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I had pictures from Brazil (although those are going to have to get their own scrapbook, I have over 400 plus the ones Jon took that are 800 times better than mine), pictures from St. Louis in October, pictures from my car accident, Chester pictures, pictures from Thanksgiving and numerous Christmastime activities…
I was annoyed as I walked up to the photo counter and saw that the 1-hour machine was not working; but luckily, they had done my pictures before that problem. As she handed them to me, I got a sudden surge of memories I wasn’t expecting!
Every year of middle school and high school I went on some sort of mission trip or camp, and usually both. Nearly every year, I would find some boy to crush on, I’d make new friendships, I’d see places I’d never ever dreamed of seeing (like the Dominican Republic, or Glacier Park in Montana), and I’d bring my film to be developed the instant we got back home. Oh, the days of non-digital photography. I was always dying to see how my pictures turned out, if I got the perfect shot of said coveted boy. Cynthia and I would usually go together, dancing around Wal-Mart as we waited for the hour to be up.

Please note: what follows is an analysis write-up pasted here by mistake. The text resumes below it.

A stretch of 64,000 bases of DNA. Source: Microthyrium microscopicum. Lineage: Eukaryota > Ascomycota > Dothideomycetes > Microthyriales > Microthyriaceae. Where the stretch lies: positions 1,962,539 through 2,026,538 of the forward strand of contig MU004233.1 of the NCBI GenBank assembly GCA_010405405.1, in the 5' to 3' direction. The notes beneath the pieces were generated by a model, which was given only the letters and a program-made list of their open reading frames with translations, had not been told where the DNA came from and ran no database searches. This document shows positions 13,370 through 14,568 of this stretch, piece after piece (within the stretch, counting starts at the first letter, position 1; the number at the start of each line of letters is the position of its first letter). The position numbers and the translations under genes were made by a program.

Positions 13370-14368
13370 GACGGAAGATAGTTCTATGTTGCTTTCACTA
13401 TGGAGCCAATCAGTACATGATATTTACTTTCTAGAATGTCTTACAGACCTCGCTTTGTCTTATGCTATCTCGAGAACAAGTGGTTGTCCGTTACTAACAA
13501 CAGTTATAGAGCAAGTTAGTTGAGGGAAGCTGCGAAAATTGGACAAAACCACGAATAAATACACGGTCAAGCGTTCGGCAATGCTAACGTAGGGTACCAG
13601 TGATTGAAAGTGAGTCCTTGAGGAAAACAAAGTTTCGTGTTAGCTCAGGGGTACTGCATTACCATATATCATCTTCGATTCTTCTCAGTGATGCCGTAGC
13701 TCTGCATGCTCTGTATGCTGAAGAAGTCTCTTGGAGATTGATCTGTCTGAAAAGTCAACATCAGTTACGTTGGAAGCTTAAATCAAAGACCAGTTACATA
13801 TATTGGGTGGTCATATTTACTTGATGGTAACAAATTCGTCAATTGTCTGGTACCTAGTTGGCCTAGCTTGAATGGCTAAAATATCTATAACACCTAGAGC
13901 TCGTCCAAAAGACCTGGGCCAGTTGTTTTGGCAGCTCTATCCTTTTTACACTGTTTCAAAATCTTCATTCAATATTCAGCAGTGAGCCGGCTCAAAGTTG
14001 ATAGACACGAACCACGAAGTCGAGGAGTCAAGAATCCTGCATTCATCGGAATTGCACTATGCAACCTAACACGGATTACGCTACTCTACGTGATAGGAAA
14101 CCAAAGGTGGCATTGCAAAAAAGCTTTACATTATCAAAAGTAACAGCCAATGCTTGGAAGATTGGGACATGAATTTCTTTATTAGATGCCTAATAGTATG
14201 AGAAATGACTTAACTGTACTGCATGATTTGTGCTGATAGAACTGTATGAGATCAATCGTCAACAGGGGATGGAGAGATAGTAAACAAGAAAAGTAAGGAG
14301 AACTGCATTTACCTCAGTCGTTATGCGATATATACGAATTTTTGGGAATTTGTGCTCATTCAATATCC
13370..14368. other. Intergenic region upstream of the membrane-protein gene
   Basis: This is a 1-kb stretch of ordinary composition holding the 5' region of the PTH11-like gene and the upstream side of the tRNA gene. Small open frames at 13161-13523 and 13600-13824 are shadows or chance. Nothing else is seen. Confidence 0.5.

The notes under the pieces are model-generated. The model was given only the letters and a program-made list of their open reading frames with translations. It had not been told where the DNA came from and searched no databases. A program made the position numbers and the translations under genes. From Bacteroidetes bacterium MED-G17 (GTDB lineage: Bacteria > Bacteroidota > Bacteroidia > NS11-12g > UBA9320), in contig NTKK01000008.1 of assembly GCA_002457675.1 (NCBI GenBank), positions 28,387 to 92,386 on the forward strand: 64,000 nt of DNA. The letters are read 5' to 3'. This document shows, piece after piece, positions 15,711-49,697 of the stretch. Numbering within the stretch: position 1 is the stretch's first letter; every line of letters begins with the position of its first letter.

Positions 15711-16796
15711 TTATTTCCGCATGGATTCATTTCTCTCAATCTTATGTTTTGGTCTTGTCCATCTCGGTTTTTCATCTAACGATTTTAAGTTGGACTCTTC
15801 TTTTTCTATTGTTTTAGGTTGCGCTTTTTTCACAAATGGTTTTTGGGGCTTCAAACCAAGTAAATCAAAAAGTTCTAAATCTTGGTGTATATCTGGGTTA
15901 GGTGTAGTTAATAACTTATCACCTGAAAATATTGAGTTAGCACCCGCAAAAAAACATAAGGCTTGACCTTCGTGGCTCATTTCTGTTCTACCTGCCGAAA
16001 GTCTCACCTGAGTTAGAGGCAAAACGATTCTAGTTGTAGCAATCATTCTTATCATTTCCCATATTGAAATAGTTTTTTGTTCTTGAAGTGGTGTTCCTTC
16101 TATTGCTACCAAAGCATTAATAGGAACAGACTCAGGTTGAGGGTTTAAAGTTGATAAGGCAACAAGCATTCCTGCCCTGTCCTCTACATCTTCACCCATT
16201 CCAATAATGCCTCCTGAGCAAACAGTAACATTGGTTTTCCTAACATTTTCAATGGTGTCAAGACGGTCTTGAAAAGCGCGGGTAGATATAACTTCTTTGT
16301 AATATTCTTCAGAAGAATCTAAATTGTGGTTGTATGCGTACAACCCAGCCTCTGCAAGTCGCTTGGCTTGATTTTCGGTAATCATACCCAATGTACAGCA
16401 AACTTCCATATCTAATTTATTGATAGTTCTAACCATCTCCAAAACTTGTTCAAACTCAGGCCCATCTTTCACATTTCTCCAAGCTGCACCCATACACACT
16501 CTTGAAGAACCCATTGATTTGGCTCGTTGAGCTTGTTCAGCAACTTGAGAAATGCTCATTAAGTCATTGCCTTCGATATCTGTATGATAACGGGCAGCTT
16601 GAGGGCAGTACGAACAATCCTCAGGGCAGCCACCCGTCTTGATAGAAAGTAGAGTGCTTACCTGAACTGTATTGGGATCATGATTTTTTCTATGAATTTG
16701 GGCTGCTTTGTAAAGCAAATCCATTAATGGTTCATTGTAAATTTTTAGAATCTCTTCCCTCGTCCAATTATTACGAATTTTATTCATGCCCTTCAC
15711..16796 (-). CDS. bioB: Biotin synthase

And as soon as they handed me the package of pictures, I would open them up in the store and look through them. When the lady handed me my package on Thursday night, I went to open them and look through them immediately. It almost made me laugh a little. It was instinctual. Then I realized I had looked through all of these pictures 600 times on my computer and they were also on my screensaver, etc. I didn’t need to rip in right then.
Most of the time I will say I detested high school. I lived for youth group, where I felt more like a normal person and less like a mutant, like I did at school. I wasn’t smart enough for the school I went to, wasn’t popular enough, wasn’t thin enough or pretty enough. In youth group I was friends with people who had known me since childhood, and although there was the normal competition between girls, friends and not-so-much-friends (I won’t say enemies, because this is church, after all, and there is certainly no one from Webber Church I consider an ememy), but in general I was happy there. I felt confident. I love you, Webber, for growing me up into the person I am today. Thank you for all the trips and camps, the counseling, the affirmation, and the love. Thank you for this awesome second family I relied on!